as per voltage dropping, I will conduct a test tomorrow, it will be an 18 hour long test, I don't really want to leave 350F charged, it can discharge like 50A and turn any metal white hot, the 10A just makes a spark and most of the charge is gone
 

Offline T3sl4co1l

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Re: Unbranded 10F Supercapacitors 2.7V - leakage
« Reply #6 on: September 21, 2019, 04:56:59 am »
Doesn't much matter how you charge it, as long as you deliver the charge you want without overvolting it.

Say you use a CC/CV supply set for 1A and 2.5V.  If the cap is fully discharged, then when charge begins, voltage will step up by ESR * 1A (not too much, short-term ESR is usually reasonably small on these; assuming they're the power kind, not the memory-backup kind), and on top of that, ramp at about 1A/10F = 0.1 V/s.  So, it'll reach nominal voltage in around half a minute.  Maybe shorter than this, because again, effective capacitance is lower on shorter time scales.

Once nominal voltage is reached, it sits there, and current decays gradually as charge soaks in.  It should drop to, say, 100mA after some minutes, 10mA after some hours, etc.

Or if it's set to a lower charge current, more charge will be absorbed on reaching nominal voltage; the effective capacitance is higher at the slower charge rate.  And obviously, by the time it reaches nominal voltage, the absorption current is at most the charging current.  Basically, it's already further down the soaking curve.  Which is to say it's absorbed more charge already, which is another way to say the effective capacitance is higher.

Variable capacitance probably sounds weird.  Capacitors are usually introduced as a fixed quantity.  It's still some total capacitance period, but you can only measure that at very slow rates (microhertz).  It's one of those thermodynamics versus kinetics problems.  Thermodynamics is what happens at infinite time ("thermostatics" might make more sense, but it's "dyn" because it deals with energy, go figure.)  Kinetics is what happens in motion (finite time).

Think of it as an equivalent circuit of many R+Cs connected in parallel, of different time constants.  The total is the rating, but each individual piece may take days to charge (large RC constant).  Or a ladder network where there's some immediate C, and in parallel with that an R+C.  And in parallel with that C, an R+C, and...  So you can think of it as a really long low-pass filter, with no output, you're just looking at it from the input end.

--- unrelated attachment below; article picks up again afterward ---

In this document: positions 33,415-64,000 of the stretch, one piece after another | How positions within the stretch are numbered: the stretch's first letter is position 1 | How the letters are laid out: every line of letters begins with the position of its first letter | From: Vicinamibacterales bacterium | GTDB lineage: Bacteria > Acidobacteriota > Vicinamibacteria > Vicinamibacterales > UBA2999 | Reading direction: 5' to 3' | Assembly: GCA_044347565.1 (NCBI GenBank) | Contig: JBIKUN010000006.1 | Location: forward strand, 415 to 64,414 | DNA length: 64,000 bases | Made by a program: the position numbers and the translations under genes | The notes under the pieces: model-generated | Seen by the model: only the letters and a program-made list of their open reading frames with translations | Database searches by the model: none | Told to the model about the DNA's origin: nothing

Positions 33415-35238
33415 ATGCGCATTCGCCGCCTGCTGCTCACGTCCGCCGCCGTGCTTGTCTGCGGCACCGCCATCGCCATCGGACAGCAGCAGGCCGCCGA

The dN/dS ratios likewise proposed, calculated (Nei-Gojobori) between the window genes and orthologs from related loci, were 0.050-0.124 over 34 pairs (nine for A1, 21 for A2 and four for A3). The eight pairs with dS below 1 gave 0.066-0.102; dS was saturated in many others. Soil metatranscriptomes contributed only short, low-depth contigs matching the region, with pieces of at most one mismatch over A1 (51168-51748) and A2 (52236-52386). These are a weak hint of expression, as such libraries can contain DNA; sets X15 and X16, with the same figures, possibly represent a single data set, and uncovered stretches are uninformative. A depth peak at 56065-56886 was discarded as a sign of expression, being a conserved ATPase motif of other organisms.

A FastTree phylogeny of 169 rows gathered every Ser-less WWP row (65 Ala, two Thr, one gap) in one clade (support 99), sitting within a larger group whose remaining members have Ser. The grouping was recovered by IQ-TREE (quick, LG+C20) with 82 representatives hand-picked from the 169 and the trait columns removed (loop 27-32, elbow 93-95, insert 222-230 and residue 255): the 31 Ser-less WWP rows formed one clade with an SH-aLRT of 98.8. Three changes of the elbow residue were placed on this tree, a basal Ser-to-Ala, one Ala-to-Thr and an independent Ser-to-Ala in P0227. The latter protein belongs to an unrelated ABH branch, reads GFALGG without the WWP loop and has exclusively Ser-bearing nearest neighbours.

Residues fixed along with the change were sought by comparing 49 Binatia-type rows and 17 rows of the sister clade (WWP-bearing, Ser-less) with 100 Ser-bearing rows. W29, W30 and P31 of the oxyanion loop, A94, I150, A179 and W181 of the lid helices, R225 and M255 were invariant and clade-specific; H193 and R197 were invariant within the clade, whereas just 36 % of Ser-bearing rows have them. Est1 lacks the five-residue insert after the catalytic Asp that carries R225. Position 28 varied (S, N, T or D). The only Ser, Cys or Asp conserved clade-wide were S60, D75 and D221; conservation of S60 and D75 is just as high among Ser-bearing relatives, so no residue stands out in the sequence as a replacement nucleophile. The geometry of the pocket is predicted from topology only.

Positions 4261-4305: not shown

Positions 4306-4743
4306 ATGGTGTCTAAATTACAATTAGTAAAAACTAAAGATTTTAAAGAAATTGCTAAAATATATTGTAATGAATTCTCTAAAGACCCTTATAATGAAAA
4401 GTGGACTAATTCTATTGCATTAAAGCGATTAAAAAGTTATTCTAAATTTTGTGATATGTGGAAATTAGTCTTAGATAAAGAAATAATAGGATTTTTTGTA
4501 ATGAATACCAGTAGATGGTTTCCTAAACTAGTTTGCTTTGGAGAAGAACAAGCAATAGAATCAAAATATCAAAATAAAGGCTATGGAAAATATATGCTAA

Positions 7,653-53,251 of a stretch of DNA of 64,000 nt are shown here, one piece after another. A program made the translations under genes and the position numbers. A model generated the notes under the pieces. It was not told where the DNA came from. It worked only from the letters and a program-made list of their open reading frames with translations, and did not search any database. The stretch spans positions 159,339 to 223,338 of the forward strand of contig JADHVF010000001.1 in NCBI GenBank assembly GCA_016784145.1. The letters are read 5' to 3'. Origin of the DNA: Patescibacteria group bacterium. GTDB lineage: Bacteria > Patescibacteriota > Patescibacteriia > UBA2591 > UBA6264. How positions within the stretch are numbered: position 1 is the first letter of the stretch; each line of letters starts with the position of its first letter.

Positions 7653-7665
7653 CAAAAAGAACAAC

Tim
Seven Transistor Labs, LLC
Electronic design, from concept to prototype.
Bringing a project to life?  Send me a message!
 
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Offline Undweeber

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Re: Unbranded 10F Supercapacitors 2.7V - leakage
« Reply #7 on: September 22, 2019, 04:42:17 pm »
Thanks again for the useful info Tim,

I have conducted the tests, one cap was connected to the solar panel from calculator, another was just charged, the one with solar panel kept charge better than one disconnected, the panel was facing the dark so it wasnt charging, after 8 hours i stopped the test and left the solar panel pointing towards my table lamp, in the morning the voltage remained unchanged, so the panel kept being topped off.

In the morning I discharged it by shortening down to ~0V and burning my finger, and left it to charge on the sun, after 2 hours on direct sunlight it is charged to 1.8V exactly, 0.9V to go (the sun started low and only recently got the full noon sunlight), the cap is spec 10F.

UPDATE:
It took almost all day to charge, and it seems to have stopped charging at about 2.7V I cannot tell for sure because its an analog multimeter, maybe it does have resistance above the saturation level.

Anyway, now I can proceed to building a night light with it using light sensitive resister and joule thief circuit.
« Last Edit: September 22, 2019, 11:26:13 pm by Undweeber »